Symbolic sequence learning is associated with cognitive-affective profiles in female FMR1 premutation carriers

Claudine Kraan, Darren Robert Hocking, John Lockyer Bradshaw, Nellie Georgiou-Karistianis, Sylvia Ann Metcalfe, Alison D Archibald, Joanne Fielding, Julian Norman Trollor, Jonathon Cohen, Kim Marie Cornish

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11 Citations (Scopus)

Abstract

This study examines implicit sequence learning impairments that may indicate at-risk cerebellar profiles proposed to underlie some aspects of subtle cognitive and affective dysfunctions found among female fragile X mental retardation 1 (FMR1) premutation (PM)-carriers. A total of 34 female PM-carriers and 33 age- and intelligence-matched controls completed an implicit symbolically primed serial reaction time task (SRTT) previously shown to be sensitive to cerebellar involvement. Implicit learning scores indicated a preservation of learning in both groups; however, PM-carriers demonstrated poorer learning through significantly elevated response latencies overall and at each specific block within the symbolic SRTT. Group comparisons also revealed a core deficit in response inhibition, alongside elevated inattentive symptoms in female PM-carriers. Finally, strong and significant associations were observed between poor symbolic SRTT performance and executive, visuospatial and affective deficits in the PM-carrier group. These associations remained strong even after controlling motor speed, and were not observed in age- and intelligence quotient-matched participants. The findings implicate cerebellar non-motor networks subserving the implicit sequencing of responses in cognitive-affective phenotypes previously observed in female PM-carriers. We contend that symbolic SRTT performance may offer clinical utility in future pharmaceutical interventions in female PM-carriers. Analysis of performance on the symbolic serial reaction time task showed that when compared with control participants, females with the PM allele had a comparable number of errors, yet significantly longer mean response latencies at each of the eight task blocks.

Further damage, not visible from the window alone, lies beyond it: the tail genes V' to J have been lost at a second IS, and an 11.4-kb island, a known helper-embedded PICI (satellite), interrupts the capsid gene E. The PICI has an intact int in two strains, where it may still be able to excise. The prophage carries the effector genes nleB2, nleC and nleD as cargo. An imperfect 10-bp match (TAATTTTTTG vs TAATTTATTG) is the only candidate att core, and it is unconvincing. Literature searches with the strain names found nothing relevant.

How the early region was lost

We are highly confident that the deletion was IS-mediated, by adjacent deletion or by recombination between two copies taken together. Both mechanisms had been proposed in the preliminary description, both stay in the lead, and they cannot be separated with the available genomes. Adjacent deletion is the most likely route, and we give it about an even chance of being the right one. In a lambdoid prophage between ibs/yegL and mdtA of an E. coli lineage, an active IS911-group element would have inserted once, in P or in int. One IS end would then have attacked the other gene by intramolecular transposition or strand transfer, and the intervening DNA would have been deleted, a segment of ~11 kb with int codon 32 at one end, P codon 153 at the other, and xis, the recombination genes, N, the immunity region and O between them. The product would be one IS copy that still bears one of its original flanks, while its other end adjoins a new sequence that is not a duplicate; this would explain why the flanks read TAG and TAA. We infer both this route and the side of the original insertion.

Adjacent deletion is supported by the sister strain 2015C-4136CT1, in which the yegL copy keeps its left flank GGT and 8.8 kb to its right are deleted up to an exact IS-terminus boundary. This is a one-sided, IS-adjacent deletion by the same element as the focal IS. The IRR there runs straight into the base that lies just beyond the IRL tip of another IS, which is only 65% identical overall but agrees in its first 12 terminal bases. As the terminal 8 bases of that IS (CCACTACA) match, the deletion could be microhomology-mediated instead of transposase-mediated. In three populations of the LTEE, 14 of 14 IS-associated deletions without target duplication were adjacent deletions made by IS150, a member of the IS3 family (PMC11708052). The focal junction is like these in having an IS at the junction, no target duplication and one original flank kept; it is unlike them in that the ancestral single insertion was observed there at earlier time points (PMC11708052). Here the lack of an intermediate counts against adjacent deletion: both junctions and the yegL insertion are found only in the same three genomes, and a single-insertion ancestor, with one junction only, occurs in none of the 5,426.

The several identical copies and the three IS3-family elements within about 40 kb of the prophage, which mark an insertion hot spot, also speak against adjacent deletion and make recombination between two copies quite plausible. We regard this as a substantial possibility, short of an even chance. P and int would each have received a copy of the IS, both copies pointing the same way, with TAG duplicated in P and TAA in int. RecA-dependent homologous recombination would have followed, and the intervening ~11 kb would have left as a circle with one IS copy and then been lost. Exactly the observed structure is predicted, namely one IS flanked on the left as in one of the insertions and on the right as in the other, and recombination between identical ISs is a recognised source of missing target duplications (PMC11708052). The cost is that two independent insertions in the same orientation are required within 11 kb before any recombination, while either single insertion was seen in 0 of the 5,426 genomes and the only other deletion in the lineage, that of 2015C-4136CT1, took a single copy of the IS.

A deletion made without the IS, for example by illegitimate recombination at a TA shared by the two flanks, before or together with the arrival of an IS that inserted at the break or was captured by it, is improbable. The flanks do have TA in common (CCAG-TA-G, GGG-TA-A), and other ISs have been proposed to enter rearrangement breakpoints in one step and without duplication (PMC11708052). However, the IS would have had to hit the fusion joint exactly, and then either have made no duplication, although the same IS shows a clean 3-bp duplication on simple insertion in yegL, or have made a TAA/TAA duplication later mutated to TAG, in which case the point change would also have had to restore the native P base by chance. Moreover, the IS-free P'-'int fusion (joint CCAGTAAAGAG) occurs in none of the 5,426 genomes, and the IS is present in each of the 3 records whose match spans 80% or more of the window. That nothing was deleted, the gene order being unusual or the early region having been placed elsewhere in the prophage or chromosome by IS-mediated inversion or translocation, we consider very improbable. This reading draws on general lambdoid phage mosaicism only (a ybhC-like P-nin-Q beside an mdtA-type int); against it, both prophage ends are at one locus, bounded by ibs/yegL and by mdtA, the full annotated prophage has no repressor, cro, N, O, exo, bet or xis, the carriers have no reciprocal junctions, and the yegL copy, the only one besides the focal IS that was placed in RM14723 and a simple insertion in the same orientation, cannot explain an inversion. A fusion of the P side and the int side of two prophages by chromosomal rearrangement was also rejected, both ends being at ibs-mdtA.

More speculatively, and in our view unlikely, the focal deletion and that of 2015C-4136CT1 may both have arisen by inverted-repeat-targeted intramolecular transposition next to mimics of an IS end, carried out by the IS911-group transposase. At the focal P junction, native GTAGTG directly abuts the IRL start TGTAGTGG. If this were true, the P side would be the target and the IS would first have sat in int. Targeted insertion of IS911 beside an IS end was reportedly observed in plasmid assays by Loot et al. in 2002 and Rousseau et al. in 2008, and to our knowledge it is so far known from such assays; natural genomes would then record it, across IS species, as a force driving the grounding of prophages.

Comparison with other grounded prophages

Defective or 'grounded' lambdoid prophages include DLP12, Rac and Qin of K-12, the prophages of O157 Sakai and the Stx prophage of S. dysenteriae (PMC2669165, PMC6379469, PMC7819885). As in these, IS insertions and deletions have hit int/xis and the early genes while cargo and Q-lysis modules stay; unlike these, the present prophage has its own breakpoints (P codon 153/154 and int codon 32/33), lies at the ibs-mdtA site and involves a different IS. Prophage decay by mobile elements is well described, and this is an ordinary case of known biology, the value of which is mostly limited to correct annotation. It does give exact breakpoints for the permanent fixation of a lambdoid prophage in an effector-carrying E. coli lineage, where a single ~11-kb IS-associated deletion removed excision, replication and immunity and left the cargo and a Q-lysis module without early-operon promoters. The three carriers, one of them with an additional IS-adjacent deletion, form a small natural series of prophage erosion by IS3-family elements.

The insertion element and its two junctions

Original languageEnglish
Pages (from-to)385 - 393
Number of pages9
JournalGenes, Brain and Behavior
Volume13
Issue number4
DOIs
Publication statusPublished - 2014

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